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Trees planted by council around King's Lynn's Lynnsport now dead, campaigners says





Thousands of trees planted by West Norfolk Council in a rewilding project have been left to die, say campaigners.

Almost 6,000 shoots were planted by the authority in May, but activists have suggested that the vast majority are already dead, with the others in poor health.

The whips – young trees without branches – were planted around Lynnsport as part of the council’s drive to tackle climate change and offset carbon dioxide emissions.

Thousands of trees planted by West Norfolk council in rewilding project at King's Lynn's Lynnsport have been left to die, say campaigners. Picture: Dr Charlie Gardner
Thousands of trees planted by West Norfolk council in rewilding project at King's Lynn's Lynnsport have been left to die, say campaigners. Picture: Dr Charlie Gardner

Dr Charlie Gardner, a conservationist and Extinction Rebellion activist, branded the situation a “shocking waste of effort and money”.

But West Norfolk Council hit back saying the trees have suffered from vandalism and dry weather.

In a review Dr Gardner carried out on the site, he found 90 per cent of the trees sampled were already dead.

Almost 6,000 shoots were planted by the authority in May, but activists have suggested that the vast majority are already dead, with the others in poor health. Picture: Dr Charlie Gardner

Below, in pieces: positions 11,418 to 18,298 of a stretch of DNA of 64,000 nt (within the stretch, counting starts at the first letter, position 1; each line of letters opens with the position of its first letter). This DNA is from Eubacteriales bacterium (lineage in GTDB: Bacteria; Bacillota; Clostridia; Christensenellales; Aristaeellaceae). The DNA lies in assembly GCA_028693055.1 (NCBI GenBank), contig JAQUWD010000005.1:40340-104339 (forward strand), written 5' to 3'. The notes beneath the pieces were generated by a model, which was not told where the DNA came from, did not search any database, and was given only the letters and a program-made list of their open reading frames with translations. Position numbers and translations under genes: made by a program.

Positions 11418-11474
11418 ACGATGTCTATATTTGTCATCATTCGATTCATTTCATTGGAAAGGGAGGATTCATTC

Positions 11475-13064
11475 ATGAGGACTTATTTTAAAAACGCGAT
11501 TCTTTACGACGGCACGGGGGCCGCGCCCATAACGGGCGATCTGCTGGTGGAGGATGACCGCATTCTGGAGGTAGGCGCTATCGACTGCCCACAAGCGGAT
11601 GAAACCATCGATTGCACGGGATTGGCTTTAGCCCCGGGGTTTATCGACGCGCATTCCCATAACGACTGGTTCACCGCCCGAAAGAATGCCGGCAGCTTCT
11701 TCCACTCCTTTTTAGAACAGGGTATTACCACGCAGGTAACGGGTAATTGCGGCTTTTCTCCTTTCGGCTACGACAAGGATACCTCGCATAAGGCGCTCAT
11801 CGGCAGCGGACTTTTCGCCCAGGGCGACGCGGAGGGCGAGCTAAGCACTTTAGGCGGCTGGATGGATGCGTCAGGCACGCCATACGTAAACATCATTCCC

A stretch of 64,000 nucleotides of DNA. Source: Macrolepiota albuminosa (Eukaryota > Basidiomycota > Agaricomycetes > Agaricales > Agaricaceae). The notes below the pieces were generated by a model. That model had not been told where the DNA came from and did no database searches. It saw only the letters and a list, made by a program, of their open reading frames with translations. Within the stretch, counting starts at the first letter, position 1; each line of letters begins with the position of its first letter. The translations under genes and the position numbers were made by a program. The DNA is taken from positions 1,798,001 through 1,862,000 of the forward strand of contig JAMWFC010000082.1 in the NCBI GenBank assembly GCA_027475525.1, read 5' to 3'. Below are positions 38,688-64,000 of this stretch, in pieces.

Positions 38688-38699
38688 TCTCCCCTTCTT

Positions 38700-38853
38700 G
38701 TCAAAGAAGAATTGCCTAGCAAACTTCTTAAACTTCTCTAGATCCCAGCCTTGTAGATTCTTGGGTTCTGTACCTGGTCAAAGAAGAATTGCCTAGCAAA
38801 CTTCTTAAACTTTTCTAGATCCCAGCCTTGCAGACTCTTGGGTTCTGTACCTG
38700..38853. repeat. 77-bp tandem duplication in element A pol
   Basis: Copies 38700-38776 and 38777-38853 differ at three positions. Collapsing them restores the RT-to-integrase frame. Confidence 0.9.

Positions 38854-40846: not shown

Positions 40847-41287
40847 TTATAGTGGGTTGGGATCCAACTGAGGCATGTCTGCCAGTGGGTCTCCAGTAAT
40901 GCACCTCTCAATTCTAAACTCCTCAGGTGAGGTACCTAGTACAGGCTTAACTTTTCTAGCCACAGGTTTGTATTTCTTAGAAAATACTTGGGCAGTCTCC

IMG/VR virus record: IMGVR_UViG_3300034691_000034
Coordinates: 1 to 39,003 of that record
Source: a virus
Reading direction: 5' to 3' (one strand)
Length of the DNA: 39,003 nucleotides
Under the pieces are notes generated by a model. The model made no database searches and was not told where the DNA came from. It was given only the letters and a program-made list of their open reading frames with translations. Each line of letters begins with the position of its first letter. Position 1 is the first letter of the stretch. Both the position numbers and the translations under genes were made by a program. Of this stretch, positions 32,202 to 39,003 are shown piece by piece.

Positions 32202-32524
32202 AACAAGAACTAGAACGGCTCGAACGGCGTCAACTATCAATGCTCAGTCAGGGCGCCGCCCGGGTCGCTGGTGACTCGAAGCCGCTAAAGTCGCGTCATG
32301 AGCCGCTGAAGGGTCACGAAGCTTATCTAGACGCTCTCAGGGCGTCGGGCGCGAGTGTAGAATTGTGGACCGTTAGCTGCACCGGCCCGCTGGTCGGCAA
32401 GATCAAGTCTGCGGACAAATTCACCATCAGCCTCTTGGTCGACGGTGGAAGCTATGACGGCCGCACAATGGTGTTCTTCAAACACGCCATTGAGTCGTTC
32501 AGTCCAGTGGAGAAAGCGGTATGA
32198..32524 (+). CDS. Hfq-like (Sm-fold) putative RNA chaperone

Almost 6,000 shoots were planted by the authority in May, but activists have suggested that the vast majority are already dead, with the others in poor health. Picture: Dr Charlie Gardner

Of the 150 trees he tested, 135 had perished, and the 15 remaining whips were “in a very bad condition”.

Many were not properly planted in the ground, with some loose, or only the tips of roots in the soil.

He said: “Some had not even been planted in the soil but were merely placed inside the tree guard.”

Dr Gardner said he found little evidence of vandalism or damage by deer and believed the soil had been dry before the record heats earlier this year.

The activist also said the site had wildflowers rarer than the woodland that had been planted on top, urging West Norfolk Council to return it to grassland.

A spokeswoman for Extinction Rebellion accused the council of “failing to take climate change seriously”.

She said: “Not only has it failed on its own terms, but the entire premise of the scheme is flawed.”

A West Norfolk Council spokeswoman said the authority was also concerned about the trees but said Dr Gardner’s sample was small.

A West Norfolk Council spokeswoman said the authority was also concerned about the trees but said Dr Gardner’s sample was small. Picture: Dr Charlie Gardner
A West Norfolk Council spokeswoman said the authority was also concerned about the trees but said Dr Gardner’s sample was small. Picture: Dr Charlie Gardner

“We have experienced some of the hottest, driest conditions in decades and this may well affect how many trees survive,” she said.

“Regrettably, as has been reported before, this site has suffered from wanton vandalism. As many of the photos that have been shared show, a lot of the protective tree guards have been kicked over.”

The spokeswoman said CCTV has been installed in the area to deter antisocial behaviour.

The council is carrying out an assessment to see how many trees are still alive, with many that appear to be in a poor condition “dormant” and may grow in the next season.

Any trees lost will be replaced next February.



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